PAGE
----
I have criticized President Obama for basing his budget projections on rosy economic scenarios, so it’s only fair to look at whether Gov. Sonny Perdue is doing the same thing here in Georgia.
That’s the charge leveled on Peach Pundit, and at least some of the budget figures questioned there do smell a little funny.
The governor’s 2011 budget (which covers July 1, 2010 to June 30, 2011) assumes a 4.5 percent increase in individual income tax revenue and 4.9 percent growth in funds from the general sales tax. Those two taxes account for about two-thirds of the state’s total revenues, and those two increases represent an addition of more than half a billion dollars.
Granted, we’re talking about rising from a fairly low trough — individual income tax revenues have fallen by more than 18 percent and sales tax receipts by almost 15 percent from their peaks earlier this decade. They are forecast to remain lower than they were even two years ago.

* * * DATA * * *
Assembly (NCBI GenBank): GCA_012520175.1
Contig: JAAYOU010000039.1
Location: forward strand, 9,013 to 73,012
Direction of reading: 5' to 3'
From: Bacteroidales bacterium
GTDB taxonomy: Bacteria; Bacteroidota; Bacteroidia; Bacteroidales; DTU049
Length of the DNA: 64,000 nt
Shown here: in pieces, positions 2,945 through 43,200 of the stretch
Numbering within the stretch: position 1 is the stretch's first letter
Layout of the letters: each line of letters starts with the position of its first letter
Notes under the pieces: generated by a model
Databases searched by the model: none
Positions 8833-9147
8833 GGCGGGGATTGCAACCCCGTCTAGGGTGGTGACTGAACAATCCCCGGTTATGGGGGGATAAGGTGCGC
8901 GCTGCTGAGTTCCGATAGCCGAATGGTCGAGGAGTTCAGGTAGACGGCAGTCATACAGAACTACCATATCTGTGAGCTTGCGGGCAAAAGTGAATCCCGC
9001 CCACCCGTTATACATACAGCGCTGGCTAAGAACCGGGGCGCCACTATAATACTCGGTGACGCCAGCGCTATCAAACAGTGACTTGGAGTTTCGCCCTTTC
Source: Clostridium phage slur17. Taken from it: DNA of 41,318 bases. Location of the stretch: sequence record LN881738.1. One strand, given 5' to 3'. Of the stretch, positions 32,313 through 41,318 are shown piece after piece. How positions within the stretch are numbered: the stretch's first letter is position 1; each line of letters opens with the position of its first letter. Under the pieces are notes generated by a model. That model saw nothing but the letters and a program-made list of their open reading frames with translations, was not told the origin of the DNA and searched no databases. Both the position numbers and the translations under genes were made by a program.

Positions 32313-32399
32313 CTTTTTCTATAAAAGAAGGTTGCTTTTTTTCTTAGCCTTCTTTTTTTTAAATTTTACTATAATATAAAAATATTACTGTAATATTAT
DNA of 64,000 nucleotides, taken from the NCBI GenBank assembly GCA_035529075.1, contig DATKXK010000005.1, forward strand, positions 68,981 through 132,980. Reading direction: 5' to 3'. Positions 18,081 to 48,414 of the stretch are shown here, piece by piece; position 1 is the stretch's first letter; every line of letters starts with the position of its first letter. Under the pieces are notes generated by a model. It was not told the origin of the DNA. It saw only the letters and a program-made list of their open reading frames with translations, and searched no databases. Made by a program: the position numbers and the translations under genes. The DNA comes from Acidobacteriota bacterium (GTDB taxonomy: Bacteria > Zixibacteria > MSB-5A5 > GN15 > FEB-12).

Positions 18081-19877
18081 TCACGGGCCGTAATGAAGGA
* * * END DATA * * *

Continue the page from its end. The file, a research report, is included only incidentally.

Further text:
But with revenues continuing to fall sharply just last month — a fall of 8.7 percent from January 2009, and 21.7 percent from January 2008 — it doesn’t seem prudent for the state to count on any kind of rise in the year to come. Not with unemployment, which typically doesn’t ease until a recovery is well under way, continuing to linger above 10 percent.
Budgeting based on level revenues in fiscal 2011 would make an already difficult process even more politically perilous. You know what would be worse? Interrupting this year’s electoral campaigns for a special legislative session to deal with more shortfalls.
Better to be cautious and get a pleasant surprise than to scramble to fill a hole later on.